Slotten married Ted Grady in Chicago in June 2014, six days after Illinois legalized same-sex marriage. The inner turmoil that he carried before coming out to his family was ultimately resolved with the unexpected loving acceptance of his mother.

The marriage, as for many gay couples, followed a civil union some three years earlier, which Slotten’s mother “attended happily.” She confided to her son, “I really like your mother-in-law,” and did simple but unambiguous things to indicate her support, like refusing to eat at Chick-fil-A because its COO was opposed to LGBTQ rights, and sending a birthday card to Ted with an “Equality Forever” stamp on the envelope.

The Plague Years prompts us to draw comparisons between AIDS and the current Covid pandemic. COV-2 contagion is not restricted to sex, blood, and needles like HIV, but is largely spread through the air and via droplets. There is still denial of the severity of the virus, but it is promoted not within the afflicted communities but by conspiracy theorists and those with political agendas. While a productive détente was ultimately forged between activists who realized the grim reality of HIV and dedicated scientists and clinicians, there is scant evidence that such a bold alliance will be seriously and consistently sustained by the Trump administration and its most vocal supporters. Fauci, for one, has become a target not only of vicious conspiracy theorists but of Trump and the White House Office of Communications, and instead of the focused and organized efforts of the federal government that followed the initial laxity of the Reagan administration to address HIV, there is still no coherent nationwide plan of consequence to tackle Covid—rather, there’s chaos and scattershot measures.

What loudly echoes from Slotten’s account is the commitment of caregivers to confront the uncertainty of a contagious disease. The applause at 7 PM in many cities for their efforts against COV-2 has largely waned. What persists across the country is the tragic burden of such dedicated care, as in the case of Lorna Breen, the emergency room physician at NewYork-Presbyterian Allen Hospital who committed suicide, apparently overwhelmed after she herself became infected with COV-2. The longer-term effects on the mental and physical health of these doctors and nurses are yet to be seen.4 Slotten, for one, seems to have lost a part of his psyche needed to mourn:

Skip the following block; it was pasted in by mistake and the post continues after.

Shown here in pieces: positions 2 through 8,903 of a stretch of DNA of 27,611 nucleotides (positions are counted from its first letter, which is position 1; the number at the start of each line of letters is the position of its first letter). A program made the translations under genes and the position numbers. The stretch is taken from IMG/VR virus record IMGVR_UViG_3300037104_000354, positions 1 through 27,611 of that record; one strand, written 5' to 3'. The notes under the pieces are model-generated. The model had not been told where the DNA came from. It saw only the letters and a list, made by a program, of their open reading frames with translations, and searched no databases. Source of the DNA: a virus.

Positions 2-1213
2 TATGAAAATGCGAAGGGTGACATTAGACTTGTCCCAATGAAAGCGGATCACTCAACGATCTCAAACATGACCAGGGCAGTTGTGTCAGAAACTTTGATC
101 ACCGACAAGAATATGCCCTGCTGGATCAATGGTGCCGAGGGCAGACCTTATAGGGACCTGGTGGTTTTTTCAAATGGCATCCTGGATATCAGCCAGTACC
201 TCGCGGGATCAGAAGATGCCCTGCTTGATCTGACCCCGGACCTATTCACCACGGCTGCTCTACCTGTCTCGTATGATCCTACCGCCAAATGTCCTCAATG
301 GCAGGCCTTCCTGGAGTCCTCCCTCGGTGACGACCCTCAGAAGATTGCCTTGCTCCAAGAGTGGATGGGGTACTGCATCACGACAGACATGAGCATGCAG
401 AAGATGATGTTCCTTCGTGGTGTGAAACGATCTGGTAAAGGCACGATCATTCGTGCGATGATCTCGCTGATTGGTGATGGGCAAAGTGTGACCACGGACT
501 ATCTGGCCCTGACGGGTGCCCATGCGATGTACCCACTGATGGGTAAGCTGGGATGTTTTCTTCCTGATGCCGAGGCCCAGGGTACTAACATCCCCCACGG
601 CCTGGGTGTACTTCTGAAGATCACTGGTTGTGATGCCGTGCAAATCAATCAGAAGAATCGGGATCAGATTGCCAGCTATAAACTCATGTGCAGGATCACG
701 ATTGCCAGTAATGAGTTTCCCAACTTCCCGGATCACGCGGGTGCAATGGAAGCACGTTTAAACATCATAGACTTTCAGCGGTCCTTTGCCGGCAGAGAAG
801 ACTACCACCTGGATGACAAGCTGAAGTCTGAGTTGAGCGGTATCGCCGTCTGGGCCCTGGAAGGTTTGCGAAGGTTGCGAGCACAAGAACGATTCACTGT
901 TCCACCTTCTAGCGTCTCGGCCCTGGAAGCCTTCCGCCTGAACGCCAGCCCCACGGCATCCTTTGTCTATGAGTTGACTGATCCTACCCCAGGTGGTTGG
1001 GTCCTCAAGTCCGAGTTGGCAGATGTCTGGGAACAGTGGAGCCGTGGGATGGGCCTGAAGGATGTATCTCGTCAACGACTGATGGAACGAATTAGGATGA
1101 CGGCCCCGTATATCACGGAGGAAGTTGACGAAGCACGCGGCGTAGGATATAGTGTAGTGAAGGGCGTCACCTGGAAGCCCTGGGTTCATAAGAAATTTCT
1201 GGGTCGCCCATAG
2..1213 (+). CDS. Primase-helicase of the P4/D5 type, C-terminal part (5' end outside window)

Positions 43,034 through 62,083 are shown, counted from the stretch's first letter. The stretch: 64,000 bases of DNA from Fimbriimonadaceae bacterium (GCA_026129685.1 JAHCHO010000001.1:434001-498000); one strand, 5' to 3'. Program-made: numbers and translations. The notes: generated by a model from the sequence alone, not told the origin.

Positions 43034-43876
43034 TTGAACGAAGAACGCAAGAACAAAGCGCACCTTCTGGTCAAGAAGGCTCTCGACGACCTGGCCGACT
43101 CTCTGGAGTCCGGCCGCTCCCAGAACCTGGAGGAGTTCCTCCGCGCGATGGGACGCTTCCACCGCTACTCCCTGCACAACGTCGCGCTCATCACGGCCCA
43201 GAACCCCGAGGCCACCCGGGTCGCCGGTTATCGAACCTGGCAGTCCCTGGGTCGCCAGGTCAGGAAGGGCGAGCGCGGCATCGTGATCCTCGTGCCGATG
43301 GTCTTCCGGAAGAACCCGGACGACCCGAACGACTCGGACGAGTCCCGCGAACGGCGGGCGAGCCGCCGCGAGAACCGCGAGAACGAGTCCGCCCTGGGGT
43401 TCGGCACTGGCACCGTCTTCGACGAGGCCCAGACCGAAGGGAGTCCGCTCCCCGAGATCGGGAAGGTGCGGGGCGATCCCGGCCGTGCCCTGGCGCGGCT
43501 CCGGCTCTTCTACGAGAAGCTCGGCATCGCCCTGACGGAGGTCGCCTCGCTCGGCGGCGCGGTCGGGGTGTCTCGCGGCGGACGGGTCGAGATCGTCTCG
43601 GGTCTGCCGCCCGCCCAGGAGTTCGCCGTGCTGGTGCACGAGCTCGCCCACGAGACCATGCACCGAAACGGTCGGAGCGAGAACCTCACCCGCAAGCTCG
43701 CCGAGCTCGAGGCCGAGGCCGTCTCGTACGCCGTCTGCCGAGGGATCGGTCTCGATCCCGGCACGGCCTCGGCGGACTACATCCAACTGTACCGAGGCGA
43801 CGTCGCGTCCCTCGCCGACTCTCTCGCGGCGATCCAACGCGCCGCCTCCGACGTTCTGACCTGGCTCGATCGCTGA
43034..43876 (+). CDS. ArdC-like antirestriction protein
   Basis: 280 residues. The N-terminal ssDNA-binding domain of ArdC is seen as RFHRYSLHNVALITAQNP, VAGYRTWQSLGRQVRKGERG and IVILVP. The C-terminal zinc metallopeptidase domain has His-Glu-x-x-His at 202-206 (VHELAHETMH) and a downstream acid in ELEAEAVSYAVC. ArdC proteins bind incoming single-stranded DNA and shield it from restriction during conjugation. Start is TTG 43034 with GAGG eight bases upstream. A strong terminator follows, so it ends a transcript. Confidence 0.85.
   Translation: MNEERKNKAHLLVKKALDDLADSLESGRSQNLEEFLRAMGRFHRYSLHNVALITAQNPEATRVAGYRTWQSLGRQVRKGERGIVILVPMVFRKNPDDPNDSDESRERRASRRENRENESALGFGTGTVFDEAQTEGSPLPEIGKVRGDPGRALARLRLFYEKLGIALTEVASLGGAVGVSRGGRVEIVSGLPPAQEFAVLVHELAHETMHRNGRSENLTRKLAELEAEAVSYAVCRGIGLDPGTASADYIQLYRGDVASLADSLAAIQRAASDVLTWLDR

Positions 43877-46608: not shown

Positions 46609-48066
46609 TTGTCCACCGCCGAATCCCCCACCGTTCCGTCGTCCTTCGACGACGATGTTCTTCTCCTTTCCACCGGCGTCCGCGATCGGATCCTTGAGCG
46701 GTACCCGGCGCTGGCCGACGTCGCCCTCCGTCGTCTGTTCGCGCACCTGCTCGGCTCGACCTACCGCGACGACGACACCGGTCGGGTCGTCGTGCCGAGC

Over the years death has obsessed me, and increasingly as I grow older and continue to ponder the purposelessness of life. We come, make our brief mark on the world, and vanish—that’s a cliché but a simple truth. So many lives lost to AIDS, I thought, a surfeit of grief that almost negated my ability to experience grief at all.

I hope this is not the long-term outcome of the Covid pandemic, but such emotional hollowing is understandable after years witnessing disease and loss in the clinical trenches.

There is a terrible fear that the toll on health care workers from Covid will have been in vain if Trump’s failure to effectively tackle the pandemic continues, if testing is not ramped up to levels that allow for identification of carriers and contact tracing, if distribution of protective equipment is not done rationally but rather through nepotism and profiteering, if experts are removed from important positions after questioning incompetent political leadership, and if reopening the economy is done haphazardly to fulfill talking points on cable TV in hopes of gaining reelection.

Perhaps the greatest lesson we can take from the AIDS epidemic is one that came after the movie star Rock Hudson died, effectively removing the blinders that President Reagan was wearing. Reagan, a friend of Hudson, at last ceded authority to scientists like Fauci, who knew how to speak to the public about illness and create a sense of common cause, and to mobilize both the public and private sectors to triumph over a virus that had never been seen before and many believed could not be effectively combated. AIDS arrived as a murderer; now it can be shackled. We are nowhere near that point with Covid-19.